Loneliness, the Five of Pentacles, and Robin Williams

Some mornings I wake up feeling six kinds of crazy and twenty kinds of lonely.

There’s an old song that Don Mclean wrote about Vincent Van Gogh that has the verse:

“Now, I understand, what you tried to say to me,

How you suffered for your sanity . . .”

And the truth is that there are a lot of us out here who, “suffer for our sanity.”  We live through dark times, alone times, times when we’re so depressed, so far down emotionally and spiritually and energetically, that the pistol to the head, the bottle of pills, the fifth of whiskey calls out to us like the sweet voices of the Sirens.  “Come here, baby;  let me wrap my gentle arms around you and we’ll just be so peaceful and sweet and the pain will stop.”

For the most part, most of us survive.  We don’t take that path that Vincent walked down, we cling to our lives and our dreams, and we keep trying, even though we feel six kinds of crazy and twenty kinds of lonely.  We don’t embrace the Siren’s gentle arms and drift off into forever.

Many of us become highly adept at hiding our pain in plain sight.  We’re the funny ones, the comedians, the people who are always laughing, many times at ourselves and the sense that our lives are ridiculous.  Remember when Robin Williams killed himself and so many people were shocked?  “What?  Robin Williams?  How can that be?  He was always kidding, always joking.  Why would he kill himself?”

Six kinds of lonely and twenty kinds of crazy.  That’s why he killed himself.  To those of us who live out here on the fringe, it was no surprise at all because we recognized him as one of us.  In his senior album at Redwood High School he was voted both, “the funniest,” graduate and the graduate, “who is most likely NOT to succeed.”  

That speaks volumes to those who can hear.  Yes, we like him, but, man, he is NOT one of us.

The Five of Pentacles has always struck that same chord for me.  The two beggars are, above all else, outsiders.  They struggle along in the snow storm, crippled, wrapped in rags, while behind them a joyous light shines through a church window.  One imagines the parishioners inside: fat, happy, warm, singing songs of praise to Jesus, not even aware of the people outside their window who are, “suffering for their sanity.”

They are NOT one of us.  They don’t belong.  They are Out Siders.  Literally.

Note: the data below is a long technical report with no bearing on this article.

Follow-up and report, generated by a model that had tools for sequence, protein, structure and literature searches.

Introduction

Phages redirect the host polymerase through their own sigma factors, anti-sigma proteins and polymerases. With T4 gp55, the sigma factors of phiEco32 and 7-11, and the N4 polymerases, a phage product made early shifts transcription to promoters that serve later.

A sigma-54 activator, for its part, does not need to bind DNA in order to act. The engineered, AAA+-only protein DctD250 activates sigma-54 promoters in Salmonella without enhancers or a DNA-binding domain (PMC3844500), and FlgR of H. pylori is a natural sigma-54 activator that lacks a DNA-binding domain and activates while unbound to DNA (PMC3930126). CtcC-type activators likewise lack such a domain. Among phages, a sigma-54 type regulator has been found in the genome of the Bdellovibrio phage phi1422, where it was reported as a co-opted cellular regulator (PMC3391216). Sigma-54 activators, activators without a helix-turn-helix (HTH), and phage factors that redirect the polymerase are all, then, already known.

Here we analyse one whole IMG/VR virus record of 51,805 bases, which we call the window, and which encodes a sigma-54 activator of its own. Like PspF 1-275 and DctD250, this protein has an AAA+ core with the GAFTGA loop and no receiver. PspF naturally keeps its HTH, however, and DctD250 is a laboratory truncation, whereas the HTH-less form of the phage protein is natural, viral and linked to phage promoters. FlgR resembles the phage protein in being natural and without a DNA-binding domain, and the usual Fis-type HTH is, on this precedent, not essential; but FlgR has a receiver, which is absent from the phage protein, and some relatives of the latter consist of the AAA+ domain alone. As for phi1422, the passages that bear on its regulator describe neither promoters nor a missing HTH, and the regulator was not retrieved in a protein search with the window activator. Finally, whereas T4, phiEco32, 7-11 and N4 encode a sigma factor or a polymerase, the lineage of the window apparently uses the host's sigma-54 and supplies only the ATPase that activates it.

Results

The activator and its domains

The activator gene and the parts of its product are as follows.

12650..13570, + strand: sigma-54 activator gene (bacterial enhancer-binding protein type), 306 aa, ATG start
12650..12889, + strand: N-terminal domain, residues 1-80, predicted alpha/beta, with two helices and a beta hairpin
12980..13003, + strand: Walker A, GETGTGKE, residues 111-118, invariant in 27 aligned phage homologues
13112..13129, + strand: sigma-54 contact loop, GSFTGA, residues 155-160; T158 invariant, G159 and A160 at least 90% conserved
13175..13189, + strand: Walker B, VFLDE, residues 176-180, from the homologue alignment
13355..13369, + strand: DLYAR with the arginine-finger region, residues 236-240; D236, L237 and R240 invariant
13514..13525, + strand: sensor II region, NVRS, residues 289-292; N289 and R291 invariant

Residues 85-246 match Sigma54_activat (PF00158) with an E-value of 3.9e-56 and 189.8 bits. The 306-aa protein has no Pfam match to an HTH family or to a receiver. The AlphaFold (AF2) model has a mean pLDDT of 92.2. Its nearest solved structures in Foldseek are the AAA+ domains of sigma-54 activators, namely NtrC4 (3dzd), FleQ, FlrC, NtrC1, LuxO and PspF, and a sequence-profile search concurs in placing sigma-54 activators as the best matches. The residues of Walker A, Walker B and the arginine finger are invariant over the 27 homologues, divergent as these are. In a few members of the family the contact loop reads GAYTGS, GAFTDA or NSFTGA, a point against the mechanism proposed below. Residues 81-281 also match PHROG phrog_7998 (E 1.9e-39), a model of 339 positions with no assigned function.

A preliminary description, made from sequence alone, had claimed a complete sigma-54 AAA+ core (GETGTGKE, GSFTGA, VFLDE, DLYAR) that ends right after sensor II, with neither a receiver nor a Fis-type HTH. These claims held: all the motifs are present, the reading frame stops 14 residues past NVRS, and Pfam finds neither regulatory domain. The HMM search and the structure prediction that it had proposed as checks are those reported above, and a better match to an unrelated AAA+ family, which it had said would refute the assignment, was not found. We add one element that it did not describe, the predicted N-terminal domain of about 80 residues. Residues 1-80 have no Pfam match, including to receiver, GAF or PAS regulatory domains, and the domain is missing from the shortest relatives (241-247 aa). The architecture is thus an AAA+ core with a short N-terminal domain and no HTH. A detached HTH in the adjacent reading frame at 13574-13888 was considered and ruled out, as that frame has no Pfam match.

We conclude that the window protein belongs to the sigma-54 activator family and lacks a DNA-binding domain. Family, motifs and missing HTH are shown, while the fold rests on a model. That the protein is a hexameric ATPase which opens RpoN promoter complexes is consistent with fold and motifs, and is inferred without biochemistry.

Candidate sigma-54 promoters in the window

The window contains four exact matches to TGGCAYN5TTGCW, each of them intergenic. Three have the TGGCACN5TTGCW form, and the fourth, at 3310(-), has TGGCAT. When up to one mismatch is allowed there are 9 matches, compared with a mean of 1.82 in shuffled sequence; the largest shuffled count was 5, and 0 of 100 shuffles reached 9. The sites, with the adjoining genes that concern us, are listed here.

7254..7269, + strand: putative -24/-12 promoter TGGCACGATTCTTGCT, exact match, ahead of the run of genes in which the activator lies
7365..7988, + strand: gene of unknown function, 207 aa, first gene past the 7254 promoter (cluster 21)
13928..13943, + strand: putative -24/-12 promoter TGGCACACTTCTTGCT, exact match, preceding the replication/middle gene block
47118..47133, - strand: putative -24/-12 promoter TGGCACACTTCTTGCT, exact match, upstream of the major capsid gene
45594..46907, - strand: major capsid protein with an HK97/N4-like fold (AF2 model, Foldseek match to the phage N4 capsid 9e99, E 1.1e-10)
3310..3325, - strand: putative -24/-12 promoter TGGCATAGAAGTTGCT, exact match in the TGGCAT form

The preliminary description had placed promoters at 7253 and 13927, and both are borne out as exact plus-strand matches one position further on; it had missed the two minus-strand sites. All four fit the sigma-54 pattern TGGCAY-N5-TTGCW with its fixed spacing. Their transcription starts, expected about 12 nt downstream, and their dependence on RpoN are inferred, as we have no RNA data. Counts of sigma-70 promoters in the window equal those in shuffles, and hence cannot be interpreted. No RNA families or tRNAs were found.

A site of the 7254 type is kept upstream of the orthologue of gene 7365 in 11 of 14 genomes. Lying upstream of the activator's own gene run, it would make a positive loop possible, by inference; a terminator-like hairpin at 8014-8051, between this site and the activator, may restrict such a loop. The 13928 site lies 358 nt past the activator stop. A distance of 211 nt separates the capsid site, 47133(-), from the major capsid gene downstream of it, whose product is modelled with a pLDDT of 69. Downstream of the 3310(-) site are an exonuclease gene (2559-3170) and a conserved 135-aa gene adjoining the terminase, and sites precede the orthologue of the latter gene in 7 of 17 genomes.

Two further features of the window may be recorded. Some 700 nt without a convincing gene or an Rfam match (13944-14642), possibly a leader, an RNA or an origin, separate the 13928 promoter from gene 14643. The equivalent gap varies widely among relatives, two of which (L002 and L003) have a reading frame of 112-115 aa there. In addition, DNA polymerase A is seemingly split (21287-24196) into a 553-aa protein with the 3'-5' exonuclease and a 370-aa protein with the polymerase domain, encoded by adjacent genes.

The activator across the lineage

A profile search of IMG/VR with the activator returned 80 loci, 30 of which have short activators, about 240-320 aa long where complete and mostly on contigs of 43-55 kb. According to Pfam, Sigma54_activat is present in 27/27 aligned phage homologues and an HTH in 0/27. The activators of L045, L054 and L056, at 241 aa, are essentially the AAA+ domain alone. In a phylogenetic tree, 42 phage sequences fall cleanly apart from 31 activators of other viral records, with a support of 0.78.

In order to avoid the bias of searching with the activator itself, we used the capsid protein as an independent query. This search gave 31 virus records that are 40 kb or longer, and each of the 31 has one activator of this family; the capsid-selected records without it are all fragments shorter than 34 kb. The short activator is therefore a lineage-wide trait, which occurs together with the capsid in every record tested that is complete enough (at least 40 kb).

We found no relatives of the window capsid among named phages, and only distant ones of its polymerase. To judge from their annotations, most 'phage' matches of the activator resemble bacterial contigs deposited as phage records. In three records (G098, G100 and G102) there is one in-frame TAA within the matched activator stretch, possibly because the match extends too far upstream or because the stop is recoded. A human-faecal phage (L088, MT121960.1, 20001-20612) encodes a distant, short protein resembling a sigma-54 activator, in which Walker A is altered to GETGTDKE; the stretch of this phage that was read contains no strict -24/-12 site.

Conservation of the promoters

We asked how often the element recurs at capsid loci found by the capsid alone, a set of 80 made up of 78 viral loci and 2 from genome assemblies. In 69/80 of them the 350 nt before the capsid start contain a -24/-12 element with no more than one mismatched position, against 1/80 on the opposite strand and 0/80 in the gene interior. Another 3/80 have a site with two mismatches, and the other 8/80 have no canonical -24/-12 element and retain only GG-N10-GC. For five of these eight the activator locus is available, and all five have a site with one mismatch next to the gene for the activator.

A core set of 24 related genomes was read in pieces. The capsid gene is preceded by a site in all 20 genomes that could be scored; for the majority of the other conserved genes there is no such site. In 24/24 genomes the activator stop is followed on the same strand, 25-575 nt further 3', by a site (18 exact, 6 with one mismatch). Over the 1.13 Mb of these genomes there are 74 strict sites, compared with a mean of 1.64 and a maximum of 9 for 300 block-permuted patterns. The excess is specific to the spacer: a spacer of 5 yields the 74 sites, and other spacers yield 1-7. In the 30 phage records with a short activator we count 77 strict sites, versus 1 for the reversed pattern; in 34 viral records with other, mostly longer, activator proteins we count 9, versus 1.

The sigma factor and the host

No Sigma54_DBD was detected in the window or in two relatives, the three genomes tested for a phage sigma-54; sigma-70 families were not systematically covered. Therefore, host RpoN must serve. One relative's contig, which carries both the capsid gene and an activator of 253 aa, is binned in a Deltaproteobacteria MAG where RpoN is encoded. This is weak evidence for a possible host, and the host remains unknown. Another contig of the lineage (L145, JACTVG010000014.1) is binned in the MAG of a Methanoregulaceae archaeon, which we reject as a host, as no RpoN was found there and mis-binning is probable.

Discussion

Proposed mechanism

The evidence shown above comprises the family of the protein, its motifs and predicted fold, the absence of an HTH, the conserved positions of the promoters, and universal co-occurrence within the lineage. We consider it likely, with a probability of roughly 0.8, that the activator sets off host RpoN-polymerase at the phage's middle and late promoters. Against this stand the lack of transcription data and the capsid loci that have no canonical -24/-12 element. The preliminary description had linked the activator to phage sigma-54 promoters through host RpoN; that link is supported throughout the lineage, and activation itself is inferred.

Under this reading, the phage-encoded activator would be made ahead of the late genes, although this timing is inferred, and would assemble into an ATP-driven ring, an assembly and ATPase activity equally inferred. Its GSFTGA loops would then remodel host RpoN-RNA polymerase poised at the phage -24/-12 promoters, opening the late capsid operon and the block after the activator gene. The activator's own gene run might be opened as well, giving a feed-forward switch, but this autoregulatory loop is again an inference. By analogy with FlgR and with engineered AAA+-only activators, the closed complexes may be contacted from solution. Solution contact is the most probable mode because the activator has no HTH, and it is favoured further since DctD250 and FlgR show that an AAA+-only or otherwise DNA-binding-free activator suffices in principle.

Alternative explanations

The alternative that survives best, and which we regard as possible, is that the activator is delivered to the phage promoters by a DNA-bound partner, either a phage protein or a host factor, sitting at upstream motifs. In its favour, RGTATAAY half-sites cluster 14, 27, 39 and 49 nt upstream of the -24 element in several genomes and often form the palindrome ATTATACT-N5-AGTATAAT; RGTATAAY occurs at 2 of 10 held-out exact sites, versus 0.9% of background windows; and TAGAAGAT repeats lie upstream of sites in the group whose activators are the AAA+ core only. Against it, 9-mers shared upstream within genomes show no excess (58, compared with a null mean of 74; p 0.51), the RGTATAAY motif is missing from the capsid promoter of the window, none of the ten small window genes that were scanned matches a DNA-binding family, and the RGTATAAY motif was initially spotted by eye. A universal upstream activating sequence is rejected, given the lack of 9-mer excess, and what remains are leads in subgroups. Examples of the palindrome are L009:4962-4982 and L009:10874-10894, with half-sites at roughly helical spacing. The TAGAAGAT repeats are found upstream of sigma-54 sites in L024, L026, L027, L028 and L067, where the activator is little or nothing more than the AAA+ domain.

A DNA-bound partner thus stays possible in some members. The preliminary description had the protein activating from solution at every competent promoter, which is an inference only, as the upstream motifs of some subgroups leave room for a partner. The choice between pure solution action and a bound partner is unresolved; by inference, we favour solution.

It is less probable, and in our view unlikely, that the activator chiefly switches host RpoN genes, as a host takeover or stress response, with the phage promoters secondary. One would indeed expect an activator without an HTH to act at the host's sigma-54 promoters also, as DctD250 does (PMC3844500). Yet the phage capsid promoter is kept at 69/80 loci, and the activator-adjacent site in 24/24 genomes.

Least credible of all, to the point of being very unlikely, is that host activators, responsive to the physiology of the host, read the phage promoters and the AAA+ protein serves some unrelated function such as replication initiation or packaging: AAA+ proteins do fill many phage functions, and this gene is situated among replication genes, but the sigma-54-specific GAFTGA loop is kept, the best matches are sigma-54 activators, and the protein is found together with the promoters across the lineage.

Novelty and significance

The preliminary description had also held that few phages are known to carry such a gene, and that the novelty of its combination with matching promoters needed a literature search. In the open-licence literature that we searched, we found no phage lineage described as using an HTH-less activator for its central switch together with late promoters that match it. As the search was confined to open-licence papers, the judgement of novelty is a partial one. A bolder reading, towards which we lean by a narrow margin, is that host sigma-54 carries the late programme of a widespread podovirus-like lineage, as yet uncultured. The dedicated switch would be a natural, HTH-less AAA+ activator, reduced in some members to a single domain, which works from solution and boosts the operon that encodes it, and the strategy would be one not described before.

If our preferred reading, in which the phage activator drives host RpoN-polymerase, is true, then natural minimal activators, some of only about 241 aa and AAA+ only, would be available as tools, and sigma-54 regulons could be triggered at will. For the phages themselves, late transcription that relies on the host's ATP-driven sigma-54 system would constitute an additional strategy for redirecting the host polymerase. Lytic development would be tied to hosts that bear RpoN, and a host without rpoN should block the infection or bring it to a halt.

If you’re six kinds of lonely and twenty kinds of crazy, that’s probably a big part of your reality.  You don’t belong.  You’re not part of the group.  You don’t fit, “in.”  That’s certainly been my experience.  I’m in my late sixties and I still feel as profoundly isolated as I did when I was a kid.

So how do we deal with that?  If we are really and truly the odd ducks, the square pegs that don’t fit in the round holes, the crazy outsiders who don’t have a place in the herd, how do we NOT stumble into the same endings as Robin and Vincent?

I think that a good beginning is to just HONOR our weirdness.  And I really mean, “honor,” it.  Robin Williams and VIncent Van Gogh were worth a million – no, two million – bank executives and lawyers and accountants and other very, very successful people.

Why?  Precisely because they WERE outsiders.  They saw the world differently and they held up a mirror or a canvas and they said, “Look!  Can you see it?  Can you see the way it looks to me? Can you see the starry night?  Can you see how funny and amazing all of this is?”

Being alone is HARD, man.  Many people have been touched by that, perhaps for the first time in their lives, during this pandemic.  Being physically alone, not being touched, not being hugged, and loved and cherished – it’s all hard.  But being alone for all of your life, feeling like you’re always on the outside of that church window looking in . . . that’s the hardest.  That’s twenty kinds of lonely, if you let it be.  That’s six kinds of crazy, if you let it be.

The Hermit is very much alone.  He stands aside from the rest of society but he also holds up a shining lamp in the darkness.  He honors who he is, and he realizes that his wisdom is a gift to the world.  Make no mistake about it, though:  he’s been lonely and he’s been crazy and he’s suffered for his sanity, but he won through in the end.  It’s just a path that some of us have to walk.

Shine on!

Author: Dan Adair

Artist, writer, semi-retired wizard, and the author of, "Just the Tarot," by Dan Adair

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